Biologist Wins National Award for Bird Conservation
Chris Elphick, an assistant professor of ecology and evolutionary biology, received a 2004 Partners in Flight national investigations award for his research contributions to bird conservation.
The award was presented March 17 during the U.S. Fish and Wildlife Service director’s reception at the North American Wildlife and Natural Resources Conference in Washington, D.C.
Partners in Flight is a partnership among federal, state, and local government agencies, philanthropic and professional organizations, conservation groups, industry, the academic community, and private individuals. Its aim is to focus resources on research, management, and education involving birds and their habitats.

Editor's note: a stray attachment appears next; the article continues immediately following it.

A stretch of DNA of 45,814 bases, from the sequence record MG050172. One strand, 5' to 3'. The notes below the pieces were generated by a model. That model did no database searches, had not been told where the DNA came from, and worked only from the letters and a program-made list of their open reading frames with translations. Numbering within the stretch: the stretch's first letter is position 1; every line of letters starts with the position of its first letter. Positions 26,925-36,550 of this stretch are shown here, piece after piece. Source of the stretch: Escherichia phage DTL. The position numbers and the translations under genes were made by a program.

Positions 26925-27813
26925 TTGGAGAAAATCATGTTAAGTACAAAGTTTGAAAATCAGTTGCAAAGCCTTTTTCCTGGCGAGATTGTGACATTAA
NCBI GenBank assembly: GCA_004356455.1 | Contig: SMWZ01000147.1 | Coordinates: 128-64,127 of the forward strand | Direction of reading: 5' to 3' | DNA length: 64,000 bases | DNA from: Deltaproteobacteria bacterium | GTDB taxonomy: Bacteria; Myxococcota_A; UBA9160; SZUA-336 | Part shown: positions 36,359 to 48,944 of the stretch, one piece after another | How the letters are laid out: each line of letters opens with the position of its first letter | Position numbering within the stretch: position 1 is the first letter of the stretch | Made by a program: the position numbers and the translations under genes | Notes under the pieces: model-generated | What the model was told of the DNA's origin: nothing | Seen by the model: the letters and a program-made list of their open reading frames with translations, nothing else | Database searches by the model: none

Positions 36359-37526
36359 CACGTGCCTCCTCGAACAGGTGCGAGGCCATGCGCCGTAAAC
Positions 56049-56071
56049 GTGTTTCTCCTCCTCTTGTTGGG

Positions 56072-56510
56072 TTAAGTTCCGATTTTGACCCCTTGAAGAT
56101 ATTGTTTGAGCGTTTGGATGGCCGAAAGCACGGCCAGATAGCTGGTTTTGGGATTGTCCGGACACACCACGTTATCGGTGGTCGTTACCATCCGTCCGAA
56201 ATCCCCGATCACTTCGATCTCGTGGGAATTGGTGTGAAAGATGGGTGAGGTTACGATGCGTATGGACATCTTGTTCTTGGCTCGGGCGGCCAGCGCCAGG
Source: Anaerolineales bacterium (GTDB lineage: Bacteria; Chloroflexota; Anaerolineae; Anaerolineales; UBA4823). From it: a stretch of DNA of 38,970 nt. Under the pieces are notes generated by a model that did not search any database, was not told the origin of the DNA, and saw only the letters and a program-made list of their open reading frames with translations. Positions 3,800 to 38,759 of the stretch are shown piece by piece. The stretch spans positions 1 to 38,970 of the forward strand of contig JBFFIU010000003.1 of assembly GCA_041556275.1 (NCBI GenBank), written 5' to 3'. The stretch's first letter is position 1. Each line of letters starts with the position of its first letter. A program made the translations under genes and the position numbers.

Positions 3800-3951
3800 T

Elphick’s award-winning study focuses on the conservation and ecology of two species of bird in coastal Connecticut: the seaside sparrow and the saltmarsh sharp-tailed sparrow, which has been identified as one of the highest priorities for bird conservation research in North America and is considered to be globally vulnerable to extinction.
The study involves a better understanding of the basic ecology of the birds and relating it to population monitoring, salt marsh restoration and management, and land protection.
The work has been funded by the Environmental Protection Agency, the Connecticut Department of Environmental Protection, Audubon Connecticut, and the National Oceanic and Atmospheric Administration.Collaborating with Elphick on the study are Margaret Rubega, assistant professor of ecology and evolutionary biology; Carina Gjerdrum, a research associate; Erin King, a master’s degree student; and several undergraduates: Ken Henry, Selena Humphries, Moira Ray, and Kira Sullivan-Wiley. Humphries